Also, government is not some monolithic evil entity out there. It does what voters tell it to do. You don't want your government to be evil? Tell your elected representatives that!

      Oh, and the positive side of government bureaucracy:
      "The USPS appears to have some collective sense of humor, and might in fact here be displaying the rudiments of organic bureaucratic intelligence."

    3. I guess I was vague there - I was talking about the federal magistrates appointed to judge the cases (and paid, in part, based on how many slaves they sent back - but that's another problem.) Yes, a non-evil government would be a good thing. But looking at how it's behaved, I think it'd be hard to ensure we have one.

    4. Yes, a non-evil government would be a good thing. But looking at how it's behaved, I think it'd be hard to ensure we have one.

      You could apply that standard to almost anything and get the same result. For example:

      Yes, a non-evil private sector would be a good thing. But looking at how it's behaved, I think it'd be hard to ensure we have one.

      The law you justly criticized was, according to you yourself, something that came out of private sector lobbying. It had its origins not in government, but in the opposite of government.

      So what would you have? You're down on government because it has, historically, been evil. I assume you're down on private industry because it has, historically, been even more evil (so it seems difficult to defend it from the criticisms you've directed at government.) What are you up on?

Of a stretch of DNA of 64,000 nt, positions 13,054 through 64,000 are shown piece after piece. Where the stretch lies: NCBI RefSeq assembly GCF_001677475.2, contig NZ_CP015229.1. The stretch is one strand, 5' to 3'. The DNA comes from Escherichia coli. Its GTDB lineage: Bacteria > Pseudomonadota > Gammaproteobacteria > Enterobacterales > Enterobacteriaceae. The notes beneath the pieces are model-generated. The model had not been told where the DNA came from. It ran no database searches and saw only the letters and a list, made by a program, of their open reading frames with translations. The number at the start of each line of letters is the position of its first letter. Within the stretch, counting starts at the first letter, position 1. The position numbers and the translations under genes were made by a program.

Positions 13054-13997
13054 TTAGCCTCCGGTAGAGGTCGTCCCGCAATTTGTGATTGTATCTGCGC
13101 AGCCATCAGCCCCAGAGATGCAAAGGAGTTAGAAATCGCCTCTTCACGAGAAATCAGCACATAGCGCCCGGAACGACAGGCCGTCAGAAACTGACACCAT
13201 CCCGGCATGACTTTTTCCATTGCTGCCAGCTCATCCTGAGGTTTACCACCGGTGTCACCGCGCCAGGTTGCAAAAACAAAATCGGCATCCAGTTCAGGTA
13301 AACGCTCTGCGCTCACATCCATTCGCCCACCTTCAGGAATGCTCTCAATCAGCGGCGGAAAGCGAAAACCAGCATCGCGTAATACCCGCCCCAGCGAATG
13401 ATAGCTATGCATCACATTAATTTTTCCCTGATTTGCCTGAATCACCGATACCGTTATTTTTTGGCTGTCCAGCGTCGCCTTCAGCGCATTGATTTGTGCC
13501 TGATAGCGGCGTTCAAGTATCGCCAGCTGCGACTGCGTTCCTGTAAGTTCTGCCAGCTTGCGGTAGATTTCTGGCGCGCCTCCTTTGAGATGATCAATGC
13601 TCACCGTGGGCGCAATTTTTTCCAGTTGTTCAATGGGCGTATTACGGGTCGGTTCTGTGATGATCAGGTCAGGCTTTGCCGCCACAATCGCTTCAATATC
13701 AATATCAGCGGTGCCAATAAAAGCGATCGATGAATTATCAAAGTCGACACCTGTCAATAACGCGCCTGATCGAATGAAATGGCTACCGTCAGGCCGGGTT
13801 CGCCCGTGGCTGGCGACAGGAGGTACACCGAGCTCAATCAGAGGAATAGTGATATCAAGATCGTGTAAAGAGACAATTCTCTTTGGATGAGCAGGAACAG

What do you support? It's fine to look at the world and say, "Everyone's evil, it'd be hard to ensure things work," but that doesn't get us anywhere. What's your solution?

      You've heard mine: work to make the government more transparent and accountable. What's yours?

      You've divided the world into slave holders (the private sector) and those who listen to slaveholders (the public sector). That's all well and good, but given those options what do you recommend doing? Because, outside of a life of hermitage in which you never interact with another human being again, I'm not seeing a lot of options that don't involve working with something/someone that has behaved badly.

    5. Nominally-democratic governments as currently constituted are effectively just a force multiplier for whoever has the most money. Want laws to favour your company? "Contribute" more than the other guy. Want to be an honest politician? Tough, you won't get adopted by a party so you'll have to spend your own money, and the guy who spent more money usually gets elected anyway.

      In the UK the cost of getting elected isn't quite as high - in large part because of the severe restrictions on campaigning by television and radio - but both the major parties still manage frequently to run out of money and are just as much in hock to their big donors.

      A government like that is best neutered before it can do even more damage.

  3. I want big government, too. Of course, I'm also a pinko-commie-bleeding heart-liberal who works at a public library. I'm even in favor of taxes. They're the price we pay for civilization, and I _like_ civilization. (Oddly enough, so do most of the people who don't like taxes. I will never understand why they think it's okay for a private company to charge for their goods and services, but bad for the government to do the same. Boggles the mind.)